I'm posting today simply to say I still consider this a fully active blog and it is still my intention to post approximately twice per week regarding economic events that could influence the value of the dollar, and any other thoughts on the subject that cross my mind.
It is just that news regarding bailout activity has been distinctly inactive—real factual news as opposed to commentary or speculation which is abundant—and replaced by hot air around health care reform. With nearly a trillion dollars of taxpayer money being put on the table and up for grabs, naturally, those who stand to profit from the pending health care legislation have cranked up lobbying and media efforts such that events unfold in their favor.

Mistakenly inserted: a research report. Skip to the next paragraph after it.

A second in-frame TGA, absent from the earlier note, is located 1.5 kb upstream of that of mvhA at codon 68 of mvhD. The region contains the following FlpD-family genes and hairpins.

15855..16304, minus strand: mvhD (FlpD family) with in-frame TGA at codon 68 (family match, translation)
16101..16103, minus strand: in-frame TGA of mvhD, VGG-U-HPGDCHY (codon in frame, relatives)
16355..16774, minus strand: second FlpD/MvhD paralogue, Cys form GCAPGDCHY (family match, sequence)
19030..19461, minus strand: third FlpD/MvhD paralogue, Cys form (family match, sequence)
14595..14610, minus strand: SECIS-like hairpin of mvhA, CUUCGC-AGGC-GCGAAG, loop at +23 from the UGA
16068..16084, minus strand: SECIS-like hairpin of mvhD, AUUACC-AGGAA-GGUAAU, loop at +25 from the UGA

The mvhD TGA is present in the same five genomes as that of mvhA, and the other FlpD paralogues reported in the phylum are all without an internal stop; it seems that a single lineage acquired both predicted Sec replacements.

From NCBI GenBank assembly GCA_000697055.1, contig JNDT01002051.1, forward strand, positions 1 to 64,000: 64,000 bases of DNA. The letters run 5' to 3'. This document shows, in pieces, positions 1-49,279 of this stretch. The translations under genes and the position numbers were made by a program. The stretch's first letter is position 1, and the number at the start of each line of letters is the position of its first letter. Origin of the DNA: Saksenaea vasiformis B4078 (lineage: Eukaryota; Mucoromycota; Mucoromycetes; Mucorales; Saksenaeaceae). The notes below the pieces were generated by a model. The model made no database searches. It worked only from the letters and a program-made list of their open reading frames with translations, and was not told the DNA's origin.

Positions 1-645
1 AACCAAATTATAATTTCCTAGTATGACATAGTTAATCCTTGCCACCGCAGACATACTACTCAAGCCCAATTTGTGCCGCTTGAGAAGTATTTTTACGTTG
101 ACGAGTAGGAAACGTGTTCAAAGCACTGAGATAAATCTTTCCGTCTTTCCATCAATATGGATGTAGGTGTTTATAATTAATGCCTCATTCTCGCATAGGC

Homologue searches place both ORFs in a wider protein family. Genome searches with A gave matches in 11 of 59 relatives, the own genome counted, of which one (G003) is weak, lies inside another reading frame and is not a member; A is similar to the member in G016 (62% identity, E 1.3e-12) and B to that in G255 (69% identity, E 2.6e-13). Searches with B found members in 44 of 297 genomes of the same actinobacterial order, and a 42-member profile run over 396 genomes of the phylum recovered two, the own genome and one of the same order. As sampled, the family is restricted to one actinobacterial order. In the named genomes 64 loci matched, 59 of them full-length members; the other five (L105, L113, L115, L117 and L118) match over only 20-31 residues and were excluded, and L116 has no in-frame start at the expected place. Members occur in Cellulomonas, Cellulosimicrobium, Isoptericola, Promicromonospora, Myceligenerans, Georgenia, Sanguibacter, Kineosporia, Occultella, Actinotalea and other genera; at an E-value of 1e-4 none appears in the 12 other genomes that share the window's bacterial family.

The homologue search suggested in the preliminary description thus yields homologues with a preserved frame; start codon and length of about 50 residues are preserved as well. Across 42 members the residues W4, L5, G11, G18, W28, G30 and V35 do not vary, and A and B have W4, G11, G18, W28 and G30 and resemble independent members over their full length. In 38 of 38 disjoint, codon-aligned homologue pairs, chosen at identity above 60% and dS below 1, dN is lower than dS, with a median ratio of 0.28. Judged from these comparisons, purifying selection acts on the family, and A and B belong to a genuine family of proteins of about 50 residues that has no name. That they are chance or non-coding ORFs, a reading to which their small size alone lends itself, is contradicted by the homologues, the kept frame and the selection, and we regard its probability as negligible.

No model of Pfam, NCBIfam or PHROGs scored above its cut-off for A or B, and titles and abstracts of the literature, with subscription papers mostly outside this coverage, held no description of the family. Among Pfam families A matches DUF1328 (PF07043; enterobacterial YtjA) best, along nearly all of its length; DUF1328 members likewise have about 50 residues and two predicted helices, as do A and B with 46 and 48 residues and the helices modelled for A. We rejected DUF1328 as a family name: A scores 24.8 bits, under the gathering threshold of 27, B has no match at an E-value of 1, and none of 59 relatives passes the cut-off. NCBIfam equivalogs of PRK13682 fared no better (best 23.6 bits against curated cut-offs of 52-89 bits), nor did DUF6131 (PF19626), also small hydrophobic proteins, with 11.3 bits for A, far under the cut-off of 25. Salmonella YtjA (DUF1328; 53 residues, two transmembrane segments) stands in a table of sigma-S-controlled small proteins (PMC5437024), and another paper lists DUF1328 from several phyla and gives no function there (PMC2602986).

New economic bailout activity may have slowed down, but bailout activity already in the works is in full swing. Since the last two major bailout events--the TARP and Obama stimulus—were followed by precipitous market declines, it may be policy makers now are bending over backward not to upset this house of cards.
What happens from here? Is this the beginning of the recovery, or is this an overstretched rebound? If it is a recovery, it is a tepid an incomplete one. There is still significant unemployment and the mortgage situation is still in the toilet and will get worse as the under-reported Alt-A market continues with their adjustments until 2012.
But for those who think good times are here again, I guess all I can really do is use such a time to take a little break.
As the stock market grows, the dollar falters. Neither is back to the 2007 highs for the DJIA or 2008 lows for the dollar.